The research field of proteomics contributes to important new medical insights, producing vast amounts of data along the way. To convert these massive amounts of proteomics data into knowledge requires dedicated computing and storage capacity. Dutch Research & Education network SURF has created a dynamic lightpath to connect a number of life science compute clusters, speeding up proteomics research, and enabling researchers to exchange data.
Dr Peter Horvatovich, assistant professor in bio-informatics at the University of Groningen, is developing software to process large quantities of data generated during proteomics research. Horvatovich is an expert in the field of proteomics, the study of the proteome. He explains:
“The proteome is the collective term for all the proteins in an organism that are produced on the basis of the genome, the genetic information present. These proteins differ from cell to cell and they are constantly changing over the course of life due to all kinds of biochemical interactions, for example with the environment.”
In many medical conditions, defects in and between proteins play an important role.
“Proteomics research can contribute to new medical insights, for example in the form of new therapies,” says Dr Horvatovich. “The research focuses, for example, on what proteins occur in a cell and in what quantities (the protein profile), what changes proteins undergo, and what interactions occur between them. We aim to be able to identify cancer cells, for example, with the aid of biomarkers, which are proteins that function as indicators.”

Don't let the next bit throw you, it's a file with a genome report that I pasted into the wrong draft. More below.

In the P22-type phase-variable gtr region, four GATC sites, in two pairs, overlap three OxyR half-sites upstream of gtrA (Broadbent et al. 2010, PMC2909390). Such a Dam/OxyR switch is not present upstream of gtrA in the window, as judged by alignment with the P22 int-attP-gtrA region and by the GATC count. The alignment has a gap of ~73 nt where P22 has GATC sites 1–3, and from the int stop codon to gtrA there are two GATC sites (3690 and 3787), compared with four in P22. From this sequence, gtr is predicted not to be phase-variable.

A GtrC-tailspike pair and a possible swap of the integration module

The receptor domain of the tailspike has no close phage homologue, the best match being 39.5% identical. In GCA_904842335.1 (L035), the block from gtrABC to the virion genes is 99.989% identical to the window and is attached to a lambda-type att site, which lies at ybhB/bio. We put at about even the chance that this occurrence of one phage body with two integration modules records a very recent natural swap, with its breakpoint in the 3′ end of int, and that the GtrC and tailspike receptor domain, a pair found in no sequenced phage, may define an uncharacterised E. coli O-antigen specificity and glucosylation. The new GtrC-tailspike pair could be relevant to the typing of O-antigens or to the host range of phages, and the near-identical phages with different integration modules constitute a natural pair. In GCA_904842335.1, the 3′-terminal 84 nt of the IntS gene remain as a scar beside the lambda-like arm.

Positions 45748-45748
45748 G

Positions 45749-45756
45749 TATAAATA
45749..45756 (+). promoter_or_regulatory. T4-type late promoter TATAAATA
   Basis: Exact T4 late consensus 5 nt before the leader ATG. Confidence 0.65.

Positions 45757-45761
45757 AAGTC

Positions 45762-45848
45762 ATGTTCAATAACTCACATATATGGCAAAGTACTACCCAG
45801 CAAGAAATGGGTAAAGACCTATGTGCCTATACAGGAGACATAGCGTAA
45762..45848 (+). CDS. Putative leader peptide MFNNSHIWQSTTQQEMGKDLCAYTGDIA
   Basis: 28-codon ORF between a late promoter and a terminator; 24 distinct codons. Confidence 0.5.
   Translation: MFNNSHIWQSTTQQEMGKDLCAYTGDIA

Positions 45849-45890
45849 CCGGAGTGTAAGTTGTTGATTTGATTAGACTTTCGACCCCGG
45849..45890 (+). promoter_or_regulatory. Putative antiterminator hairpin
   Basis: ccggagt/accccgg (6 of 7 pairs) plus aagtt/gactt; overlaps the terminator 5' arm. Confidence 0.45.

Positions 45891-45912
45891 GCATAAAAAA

The proteomics studies are intensive. “Using a mass spectrometer produces a particularly large amount of information,” says Dr Horvatovich.
“It generates between ten and a hundred thousand results from just a single sample. Bio-informatics is the discipline that brings together biology and IT. We use IT to store data in databases, to analyse information, and to convert data into useful knowledge.”
Distributing the growing quantities of information to computer centres and storage locations was causing a great deal of delay. Processing the information generated during the research requires a lot of computing capacity.
To solve the challenges of Dr Horvatovich and many other life science researchers, a multi-faceted solution was created combining better network connections and access to computer facilities. To speed up the research process lightpaths were used to transmit the data faster to researchers at other locations, and process and store on supercomputers, which are only available in a few places in the Netherlands.
“Using SURF’s dynamic lightpaths has alleviated those bottlenecks,” says Dr Horvatovich. “We can now share data between the various computer centres. And we can also process it significantly faster and cheaper. Those locations were connected by lightpaths. That created opportunities for our research.”
The computing capacity and the associated storage capacity are available in Groningen, at the SURF High Performance Compute center in Amsterdam, and also in Utrecht, Rotterdam and Delft. This Life Science Grid is a network of compute clusters intended specifically for researchers in the life sciences. The Life Science Grid (LSG) consists of 10 compute clusters. Each member institution has access to an on-site compute cluster managed by SURF. Using the grid structure gives researchers access not only to their own local LSG cluster, but also to other LSG clusters. Institutions can scale up to greater computational power or storage capacity when performing large-scale analyses.
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